Three Ponds

In Naritasan Park, there are three ponds named after Buddhist saints.
Going along the recommended route, you will arrive at Monju Pond. Follow the outside of the point to proceed to the next destination on your route.

In Naritasan Park, there are three ponds named after Buddhist saints.
Going along the recommended route, you will arrive at Monju Pond. Follow the outside of the point to proceed to the next destination on your route.

Museum of Calligraphy

While Naritasan Park itself is free, the Museum of Calligraphy has an entrance fee.
It is open from 9am to 4pm, with entry 500 Yen for adults and 300 Yen for high school and university students. The museum is closed on Mondays.

photo by Naritasan Museum of Calligraphy
In addition to the permanent exhibits, there are exhibitions that are regularly held.

It is worth entering the museum just to see the magnificnent sight of the huge wall plaque with ink rubbings in the 13m-tall central hall.

To the side of the Museum of Calligraphy, you will find a buried earthen jar that makes sounds when water drops into it.
Put your ear near the bamboo tube and enjoy the refreshingly cool sounds.

Ukimido Hall

Ukimido Hall is perhaps the most symbolic location in Naritasan Park.
Located in Ryuchi Pond, concerts during the Colored Leaves Festival are held here.

It is famous as a good photo spot as you can take a pohot of both this atmospheric structure and the seasonal flowers together in one.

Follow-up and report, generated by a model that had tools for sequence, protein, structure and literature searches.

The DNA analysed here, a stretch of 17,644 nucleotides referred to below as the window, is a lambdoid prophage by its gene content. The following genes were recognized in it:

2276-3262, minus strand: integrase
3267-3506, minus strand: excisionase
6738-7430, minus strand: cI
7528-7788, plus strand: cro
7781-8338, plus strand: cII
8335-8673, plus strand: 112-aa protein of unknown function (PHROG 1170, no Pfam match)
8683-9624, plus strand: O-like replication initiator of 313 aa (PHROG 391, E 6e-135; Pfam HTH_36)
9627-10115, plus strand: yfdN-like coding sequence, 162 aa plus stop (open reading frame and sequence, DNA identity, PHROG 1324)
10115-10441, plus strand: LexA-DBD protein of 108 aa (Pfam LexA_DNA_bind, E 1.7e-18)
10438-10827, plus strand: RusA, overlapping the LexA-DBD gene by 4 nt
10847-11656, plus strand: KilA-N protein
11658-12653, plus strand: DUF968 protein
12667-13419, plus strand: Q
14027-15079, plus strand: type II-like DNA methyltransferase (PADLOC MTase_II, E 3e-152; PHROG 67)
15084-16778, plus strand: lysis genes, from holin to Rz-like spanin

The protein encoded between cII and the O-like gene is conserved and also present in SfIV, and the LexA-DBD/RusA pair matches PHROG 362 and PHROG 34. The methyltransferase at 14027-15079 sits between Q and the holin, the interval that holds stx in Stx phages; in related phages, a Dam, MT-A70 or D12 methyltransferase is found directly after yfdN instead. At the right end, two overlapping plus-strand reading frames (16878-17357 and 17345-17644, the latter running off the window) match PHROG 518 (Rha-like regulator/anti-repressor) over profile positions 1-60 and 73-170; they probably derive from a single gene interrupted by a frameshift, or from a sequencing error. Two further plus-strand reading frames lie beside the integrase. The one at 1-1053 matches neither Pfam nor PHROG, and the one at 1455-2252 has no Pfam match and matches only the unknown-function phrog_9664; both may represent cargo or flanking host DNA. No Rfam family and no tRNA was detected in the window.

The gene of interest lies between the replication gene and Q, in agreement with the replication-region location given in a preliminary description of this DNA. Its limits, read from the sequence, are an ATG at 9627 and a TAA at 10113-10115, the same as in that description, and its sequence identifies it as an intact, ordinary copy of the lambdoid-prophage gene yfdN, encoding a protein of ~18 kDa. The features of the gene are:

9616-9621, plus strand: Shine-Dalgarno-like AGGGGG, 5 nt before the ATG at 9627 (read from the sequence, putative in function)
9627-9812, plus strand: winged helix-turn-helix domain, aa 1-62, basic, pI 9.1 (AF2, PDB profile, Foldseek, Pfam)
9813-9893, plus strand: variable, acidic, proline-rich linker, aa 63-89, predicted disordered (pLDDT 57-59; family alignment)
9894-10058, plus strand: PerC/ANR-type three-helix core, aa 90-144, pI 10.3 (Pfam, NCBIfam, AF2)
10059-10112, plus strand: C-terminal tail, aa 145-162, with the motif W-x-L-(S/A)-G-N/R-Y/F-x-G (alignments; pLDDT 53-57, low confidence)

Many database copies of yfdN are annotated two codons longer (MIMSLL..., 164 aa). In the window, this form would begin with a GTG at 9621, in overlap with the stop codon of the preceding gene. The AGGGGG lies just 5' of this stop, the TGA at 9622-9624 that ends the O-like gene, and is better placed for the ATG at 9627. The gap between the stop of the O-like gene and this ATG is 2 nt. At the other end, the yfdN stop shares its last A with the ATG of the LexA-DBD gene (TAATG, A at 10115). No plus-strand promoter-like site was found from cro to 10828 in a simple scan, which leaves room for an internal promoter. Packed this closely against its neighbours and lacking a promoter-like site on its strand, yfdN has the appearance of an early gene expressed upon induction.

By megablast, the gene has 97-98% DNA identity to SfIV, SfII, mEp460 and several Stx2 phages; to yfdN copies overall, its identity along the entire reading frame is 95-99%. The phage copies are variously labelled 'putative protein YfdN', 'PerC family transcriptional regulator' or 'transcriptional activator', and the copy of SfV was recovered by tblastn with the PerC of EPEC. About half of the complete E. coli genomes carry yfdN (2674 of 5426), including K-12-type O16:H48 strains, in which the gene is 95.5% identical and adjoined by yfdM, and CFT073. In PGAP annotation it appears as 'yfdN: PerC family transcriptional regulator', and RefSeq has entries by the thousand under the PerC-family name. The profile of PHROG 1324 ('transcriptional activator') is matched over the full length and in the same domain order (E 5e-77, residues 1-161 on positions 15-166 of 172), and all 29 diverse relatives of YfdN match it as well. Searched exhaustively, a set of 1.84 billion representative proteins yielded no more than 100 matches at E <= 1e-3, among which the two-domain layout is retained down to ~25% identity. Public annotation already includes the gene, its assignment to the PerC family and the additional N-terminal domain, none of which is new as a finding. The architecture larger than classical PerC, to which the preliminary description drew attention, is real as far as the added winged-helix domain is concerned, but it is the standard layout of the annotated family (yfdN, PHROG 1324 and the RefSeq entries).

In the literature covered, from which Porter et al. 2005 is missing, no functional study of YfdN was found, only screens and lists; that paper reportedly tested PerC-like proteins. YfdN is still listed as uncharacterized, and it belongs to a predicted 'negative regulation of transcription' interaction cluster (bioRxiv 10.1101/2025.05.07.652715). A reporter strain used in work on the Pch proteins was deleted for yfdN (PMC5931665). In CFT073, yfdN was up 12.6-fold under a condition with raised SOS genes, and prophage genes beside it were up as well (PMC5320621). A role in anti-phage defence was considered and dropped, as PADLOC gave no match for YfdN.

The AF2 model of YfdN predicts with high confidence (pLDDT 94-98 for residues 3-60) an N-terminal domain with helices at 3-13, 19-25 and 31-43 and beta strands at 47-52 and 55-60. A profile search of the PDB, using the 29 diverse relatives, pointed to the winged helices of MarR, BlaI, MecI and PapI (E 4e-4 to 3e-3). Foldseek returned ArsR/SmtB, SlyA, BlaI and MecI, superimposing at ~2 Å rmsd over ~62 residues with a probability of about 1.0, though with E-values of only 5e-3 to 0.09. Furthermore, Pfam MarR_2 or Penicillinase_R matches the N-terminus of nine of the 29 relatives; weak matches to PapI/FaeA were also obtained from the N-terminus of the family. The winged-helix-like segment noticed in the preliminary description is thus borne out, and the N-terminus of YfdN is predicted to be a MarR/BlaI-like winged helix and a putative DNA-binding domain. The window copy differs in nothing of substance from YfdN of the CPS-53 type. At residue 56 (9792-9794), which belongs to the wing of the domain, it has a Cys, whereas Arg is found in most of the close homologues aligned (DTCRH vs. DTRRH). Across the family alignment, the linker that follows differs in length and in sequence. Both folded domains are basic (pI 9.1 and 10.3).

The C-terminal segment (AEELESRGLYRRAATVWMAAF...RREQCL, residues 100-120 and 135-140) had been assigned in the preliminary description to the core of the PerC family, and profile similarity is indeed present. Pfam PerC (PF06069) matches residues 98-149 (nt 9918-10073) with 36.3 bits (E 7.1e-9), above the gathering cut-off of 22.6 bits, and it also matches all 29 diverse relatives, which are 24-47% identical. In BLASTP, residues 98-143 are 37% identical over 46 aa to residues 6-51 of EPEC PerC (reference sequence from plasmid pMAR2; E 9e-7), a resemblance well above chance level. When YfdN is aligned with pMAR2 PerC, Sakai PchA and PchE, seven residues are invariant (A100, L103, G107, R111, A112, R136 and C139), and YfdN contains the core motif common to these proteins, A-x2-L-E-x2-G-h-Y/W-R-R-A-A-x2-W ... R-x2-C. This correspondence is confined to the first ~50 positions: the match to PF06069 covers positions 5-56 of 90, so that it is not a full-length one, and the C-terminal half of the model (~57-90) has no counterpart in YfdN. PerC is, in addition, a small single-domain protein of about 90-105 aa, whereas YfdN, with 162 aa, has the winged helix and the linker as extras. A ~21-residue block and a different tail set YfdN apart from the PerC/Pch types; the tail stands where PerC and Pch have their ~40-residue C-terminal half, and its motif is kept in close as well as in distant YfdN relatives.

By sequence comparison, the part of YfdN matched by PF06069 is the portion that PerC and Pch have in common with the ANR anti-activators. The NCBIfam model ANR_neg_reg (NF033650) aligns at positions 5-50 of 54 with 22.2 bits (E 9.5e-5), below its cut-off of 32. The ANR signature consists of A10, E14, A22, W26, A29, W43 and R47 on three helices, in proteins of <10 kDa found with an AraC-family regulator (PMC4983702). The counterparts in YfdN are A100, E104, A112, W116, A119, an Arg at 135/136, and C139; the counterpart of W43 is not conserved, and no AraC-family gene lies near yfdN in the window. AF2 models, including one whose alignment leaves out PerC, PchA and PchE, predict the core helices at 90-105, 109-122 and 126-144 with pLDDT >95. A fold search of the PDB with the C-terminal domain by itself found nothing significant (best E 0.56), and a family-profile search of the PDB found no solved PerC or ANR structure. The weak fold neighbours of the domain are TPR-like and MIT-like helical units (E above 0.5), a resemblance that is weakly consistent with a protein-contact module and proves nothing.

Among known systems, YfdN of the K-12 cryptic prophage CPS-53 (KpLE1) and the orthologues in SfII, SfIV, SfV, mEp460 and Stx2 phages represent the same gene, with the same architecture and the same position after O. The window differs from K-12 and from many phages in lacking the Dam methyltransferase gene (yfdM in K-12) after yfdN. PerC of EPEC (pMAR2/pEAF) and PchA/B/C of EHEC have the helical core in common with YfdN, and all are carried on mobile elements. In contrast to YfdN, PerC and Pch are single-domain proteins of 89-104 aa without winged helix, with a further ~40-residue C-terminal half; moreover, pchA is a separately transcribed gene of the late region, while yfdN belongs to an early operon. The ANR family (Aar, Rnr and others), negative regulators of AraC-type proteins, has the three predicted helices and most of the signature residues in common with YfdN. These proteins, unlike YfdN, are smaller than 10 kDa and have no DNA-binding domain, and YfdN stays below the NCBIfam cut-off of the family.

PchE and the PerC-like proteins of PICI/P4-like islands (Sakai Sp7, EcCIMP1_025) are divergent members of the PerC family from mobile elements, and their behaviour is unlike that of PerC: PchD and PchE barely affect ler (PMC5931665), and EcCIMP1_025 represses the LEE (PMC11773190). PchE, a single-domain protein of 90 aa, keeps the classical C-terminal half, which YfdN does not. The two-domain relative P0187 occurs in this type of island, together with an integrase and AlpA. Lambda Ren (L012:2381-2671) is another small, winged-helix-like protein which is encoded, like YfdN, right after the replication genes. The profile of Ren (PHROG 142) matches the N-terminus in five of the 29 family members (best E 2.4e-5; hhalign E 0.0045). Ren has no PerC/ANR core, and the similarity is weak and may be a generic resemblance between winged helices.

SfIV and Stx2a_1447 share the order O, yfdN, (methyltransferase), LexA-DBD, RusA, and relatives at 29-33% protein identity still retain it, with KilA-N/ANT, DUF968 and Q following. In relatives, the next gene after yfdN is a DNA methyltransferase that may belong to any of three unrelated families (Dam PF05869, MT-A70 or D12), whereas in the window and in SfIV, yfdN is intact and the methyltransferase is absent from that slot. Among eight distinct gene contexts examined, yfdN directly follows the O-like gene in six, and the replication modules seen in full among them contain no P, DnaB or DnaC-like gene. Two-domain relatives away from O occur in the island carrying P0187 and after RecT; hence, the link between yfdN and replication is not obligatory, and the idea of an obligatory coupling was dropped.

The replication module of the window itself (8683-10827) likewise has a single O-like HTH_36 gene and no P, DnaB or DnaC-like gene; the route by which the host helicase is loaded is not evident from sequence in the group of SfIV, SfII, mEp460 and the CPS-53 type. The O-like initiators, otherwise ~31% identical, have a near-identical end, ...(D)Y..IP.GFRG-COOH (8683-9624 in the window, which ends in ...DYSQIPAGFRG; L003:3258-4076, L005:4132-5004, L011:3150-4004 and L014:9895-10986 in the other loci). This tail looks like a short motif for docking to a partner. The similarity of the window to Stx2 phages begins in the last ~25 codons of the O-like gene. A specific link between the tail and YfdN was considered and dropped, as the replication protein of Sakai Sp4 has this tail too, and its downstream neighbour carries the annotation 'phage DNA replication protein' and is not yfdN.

Spacious Rest Area

This open area is located just up the hill from Ryuchi Pond where Ukimido Hall is located (on the map, it is the round space just up and left of the toilets in the bottom right).
The area is encompassed by a variety of types of plants and, when in season, is home to excellent scenery.

This area is good to take a short break as there are both toilets and chairs to rest on.

Stone Monument Area

Walking towards the exit, you will find stone monuments on both sides of the path.
In addition to those made for people who made donations to the park, there are ones with haiku poems on from notable figures such as Kyoshi Takahama and Matsuo Basho.

Due to deterioration over time, some of the stone monuments are harder to read, but imagining the historical backdrop and emotions of the writers at the time as you make your way along the path is another way to enjoy this area.

For Dates, Family, or Friends

Naritasan Park is a park home to abundant nature, cultural assets, numerous photogenic spots, and a variety of event facilities, There are so many things to enjoy here.

It truly is a park for everyone, regardless of gender or age. Please come and visit; you won’t be disappointed whether you visit on a date, with your family, or with friends!